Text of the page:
What Is The Best Express Card or Adapter to Reach an Access Point/Hot Spot?

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What Is The Best Express Card or Adapter to Reach an Access Point/Hot Spot?

I recently bought a new Dell Inspiron E1505 laptop on Jeff Block's recommendations (it's running great, incidentally).  It has the Intel Pentium dual-core T2080 (1MB Cache/1.73GHz/533MHz FSB), 1GB Shared Dual Channel DDR2 SDRAM at 533MHz, 2 Dimm, and an 80GB 5400rpm SATA Hard Drive running on Windows Vista Home Premium.  There are a couple of entries on the inventory sheet that came with the laptop that refer to wireless use (at least in my mind).  They are:  Dell Wireless 1390 802.11b/g Mini Card (54Mbps), for Inspiron 6400/E1505, and Integrated 10/100 Network Card and Modem, for Inspiron.  Would you please explain these two entries to me?  I'm thinking that the first one is the hardware to accept a separately purchased card for wireless internet access and the second one is the built-in wireless access system.

With that said, one of the reasons I purchased the laptop was to try and gain internet access on it at work (a California City government agency) in my cubical from a signal coming from the local (300' to 400' away) public Senior Center's access point/hot spot.  There are also other unsecured hot spots in the surrounding area (library, police department), but this one seems to be the strongest.  A couple of co-workers had purchased the Airlink 101 AWLL3055 802.11g USB adapter with +10dBi Antenna.  They said they were having great success with it located in the windows of their 13' wide cubicals, which are located on an exterior one story building wall. with the window views of the Senior Center.  My office is on the other side of a 4' wide walkway from their cubicals.  Therefore, my cubical begins approximately 17' from the large windows.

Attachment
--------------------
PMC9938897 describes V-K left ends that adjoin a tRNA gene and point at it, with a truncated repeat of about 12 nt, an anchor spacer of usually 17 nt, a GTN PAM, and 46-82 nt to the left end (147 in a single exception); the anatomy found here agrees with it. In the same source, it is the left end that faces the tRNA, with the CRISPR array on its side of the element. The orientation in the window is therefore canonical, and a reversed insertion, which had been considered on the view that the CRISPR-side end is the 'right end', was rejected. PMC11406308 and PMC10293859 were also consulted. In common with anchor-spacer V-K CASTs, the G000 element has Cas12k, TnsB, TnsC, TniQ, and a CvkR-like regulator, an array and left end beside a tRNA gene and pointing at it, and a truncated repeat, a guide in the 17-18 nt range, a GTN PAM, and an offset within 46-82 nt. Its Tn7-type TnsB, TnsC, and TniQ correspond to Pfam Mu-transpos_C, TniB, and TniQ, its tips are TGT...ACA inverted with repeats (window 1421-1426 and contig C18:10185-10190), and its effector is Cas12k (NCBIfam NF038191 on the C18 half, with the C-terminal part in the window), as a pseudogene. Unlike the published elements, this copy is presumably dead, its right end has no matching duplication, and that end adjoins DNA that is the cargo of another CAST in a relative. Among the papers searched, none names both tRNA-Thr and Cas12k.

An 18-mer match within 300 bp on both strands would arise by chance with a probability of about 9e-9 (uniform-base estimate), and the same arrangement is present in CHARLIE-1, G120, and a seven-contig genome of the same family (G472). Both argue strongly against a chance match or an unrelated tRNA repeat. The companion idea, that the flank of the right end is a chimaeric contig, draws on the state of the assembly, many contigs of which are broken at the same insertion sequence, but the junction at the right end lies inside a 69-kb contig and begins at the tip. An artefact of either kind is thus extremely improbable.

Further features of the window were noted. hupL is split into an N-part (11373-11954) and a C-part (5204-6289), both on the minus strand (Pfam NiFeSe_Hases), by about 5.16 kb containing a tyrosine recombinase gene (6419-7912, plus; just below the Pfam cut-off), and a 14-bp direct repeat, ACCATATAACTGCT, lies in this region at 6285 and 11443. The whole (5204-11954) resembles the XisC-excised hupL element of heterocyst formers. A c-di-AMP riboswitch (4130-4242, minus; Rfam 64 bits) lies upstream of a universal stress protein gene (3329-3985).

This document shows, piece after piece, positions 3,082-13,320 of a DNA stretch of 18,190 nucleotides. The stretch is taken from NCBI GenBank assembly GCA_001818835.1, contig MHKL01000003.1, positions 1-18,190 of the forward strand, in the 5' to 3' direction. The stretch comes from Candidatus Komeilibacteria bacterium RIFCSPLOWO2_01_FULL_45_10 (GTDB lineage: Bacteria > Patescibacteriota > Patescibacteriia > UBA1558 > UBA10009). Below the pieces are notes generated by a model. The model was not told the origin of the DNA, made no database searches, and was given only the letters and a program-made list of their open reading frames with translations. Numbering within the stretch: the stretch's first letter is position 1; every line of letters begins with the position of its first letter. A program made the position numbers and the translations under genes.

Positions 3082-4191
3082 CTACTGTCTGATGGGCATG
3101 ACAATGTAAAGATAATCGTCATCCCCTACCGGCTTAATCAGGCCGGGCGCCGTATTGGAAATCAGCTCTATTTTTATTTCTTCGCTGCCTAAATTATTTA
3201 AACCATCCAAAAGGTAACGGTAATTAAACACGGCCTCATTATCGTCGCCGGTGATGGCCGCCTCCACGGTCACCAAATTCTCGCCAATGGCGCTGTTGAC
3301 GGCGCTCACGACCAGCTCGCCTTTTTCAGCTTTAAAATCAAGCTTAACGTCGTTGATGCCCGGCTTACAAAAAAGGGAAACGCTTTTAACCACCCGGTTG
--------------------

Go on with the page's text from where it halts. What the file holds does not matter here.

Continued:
At their recommendation I purchased the same Adapter/Antenna at Fry's and it didn't seem to work at all, even when I would move it closer to the window.  I called Airlink 101's tech support and we agreed that it was probably defective.  So, I exchanged it for another one, which seemed to work splendidly the first day, but then it began to work sporadically after that.  I called tech support once again asking about distance from the hot spot and line-of-sight concerns and they suggested either one of their two new products as being more powerful:  the Airlink AWLL6080 300N Wireless USB Adapter and the Airlink AWLC6080 N PC Wireless N & G PC-Card Cardbus Adapter.

I purchased the card first and when that wasn't being recognized by my laptop I called Dell.  They told me that what I have in my laptop is an Express Card slot and what I purchased was a PC card.  I didn't (and still don't) know the difference.  The manufacturers that Dell said they recommend mostly are Netgear or Lynksys.  I currently have a Lynksys 802.11b router at home (which I've disconnected temporarily, but want to reconnect in the near future, but I'll save that question for another time).

With all that said (whew!), is there an Express card/mini card and/or adapter/antenna that you would recommend that would reach the hot spot?  Or does it sound like I would have to purchase a monthly service Express card for my cubical zone?

Good day. I have the Airlink

Good day. I have the Airlink USB ver antenna. Airlink sells 2 types: USB and the other MUST be used with a PC-card (an additional expense). USB ver works just fine and is strong too. HOWEVER, the software that comes with it is quirky. From experience as soon as you fire up your laptop STOP the Airlink configurator you will see on the lower taskbar by right-clicking. Windows will take over the rest. The problem is that the two softwares are not compatible. ALSO, make sure you disable the built-in wifi card on your laptop if it has one whenever you use your airlink. Good luck!


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